The Kachin Independence Army (KIA) launched an offensive against and took control of Myanmar Armed Forces (MAF) outposts with allied forces from the AA, Kachin People’s Defense Forces (K-PDF), and other allied groups. This latest offense occurred only 20 miles from the MAF’s Northern Command. The alliance was able to seize strategic Myitkyina-Bhamo roads, strategic mountainous terrain, and over 20 strategic guard camps and outposts in the direction of Laiza, the KIA’s headquarters. The strategic seizures also included Hkaya Bum, control of which could pose a threat to Laiza. Lisu People’s Militia leader Siri Pyan Chi Shwe Min, favored by the SAC, also died during the offensive. He was a political party leader before the coup, later becoming a militia leader. Col. Nawbu, spokesperson of the KIA, confirmed that the allied forces were continuing to target strategic military installations surrounding Laiza. Alongside the ongoing offensive near Laiza, clashes have also been reported in Hpakant and Putao townships.

Myanmar Affairs Raised in Thai Parliament

Earlier this month, a seminar on Myanmar was discussed in the Thai Parliament, with representatives from the NUG, various EAOs, CSOs, Student Union leaders, experts, and media present. The Thai Parliament’s involvement in this matter is notable, especially considering the close relationship between the Thai government and the SAC. Regarding the discussion, the SAC cried foul, sending a letter strongly objecting to the Thai government. Mr. Rangsiman Rome, head of the House Committee on National Security, Border Affairs, National Strategy and National Reform, which was responsible for organizing the event, stated this initiative to be the first step for all stakeholders of Myanmar’s affairs to engage in a dialogue. However, the Deputy Prime Minister and Foreign Minister of Thailand, Mr. Parnpree, who proposed the humanitarian initiative, was absent from the event. The discussion was organized by the opposition Move Forward Party (MFP), and the vice-chair of the Parliament, who is close to the party, made an opening speech. The new Thai government had already been actively engaged in diplomatic relations with neighboring countries. Efforts are currently underway to address the Myanmar issue through humanitarian diplomatic channels. Additionally, plans are in place to establish a humanitarian safe zone at Mae Sot, along the Thai-Myanmar border. Meanwhile, a Thai Navy Rear Admiral embarked on a friendship trip to Yangon accompanied by a warship.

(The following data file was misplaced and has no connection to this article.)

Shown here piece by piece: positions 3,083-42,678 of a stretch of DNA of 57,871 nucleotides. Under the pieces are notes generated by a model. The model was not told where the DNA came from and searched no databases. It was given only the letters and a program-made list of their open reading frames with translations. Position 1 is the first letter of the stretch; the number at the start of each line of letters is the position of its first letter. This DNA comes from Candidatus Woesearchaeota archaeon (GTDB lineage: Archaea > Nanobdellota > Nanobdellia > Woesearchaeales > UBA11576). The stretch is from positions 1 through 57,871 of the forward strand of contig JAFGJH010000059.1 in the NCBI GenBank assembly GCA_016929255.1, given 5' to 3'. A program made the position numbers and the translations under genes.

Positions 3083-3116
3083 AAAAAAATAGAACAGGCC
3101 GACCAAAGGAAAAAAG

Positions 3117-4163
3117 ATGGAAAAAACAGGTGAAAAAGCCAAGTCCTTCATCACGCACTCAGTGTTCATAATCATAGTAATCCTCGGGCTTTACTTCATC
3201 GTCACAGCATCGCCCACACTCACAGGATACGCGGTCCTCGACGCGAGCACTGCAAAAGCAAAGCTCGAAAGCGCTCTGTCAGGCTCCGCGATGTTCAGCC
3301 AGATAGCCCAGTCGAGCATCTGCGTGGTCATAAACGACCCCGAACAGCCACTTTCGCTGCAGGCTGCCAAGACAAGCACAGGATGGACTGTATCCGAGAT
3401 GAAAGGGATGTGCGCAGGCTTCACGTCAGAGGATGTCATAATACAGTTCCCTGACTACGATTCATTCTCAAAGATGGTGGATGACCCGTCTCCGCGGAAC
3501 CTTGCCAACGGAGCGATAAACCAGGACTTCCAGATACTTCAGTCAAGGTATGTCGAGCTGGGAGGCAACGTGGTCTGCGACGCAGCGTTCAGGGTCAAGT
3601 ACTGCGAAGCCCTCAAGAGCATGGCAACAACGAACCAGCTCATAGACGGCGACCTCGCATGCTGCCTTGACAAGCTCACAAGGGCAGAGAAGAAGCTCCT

The Rise of Princelings – 2

An Upturn of Ta’ang’s Non-Royal Leadership (Ngattapa Min)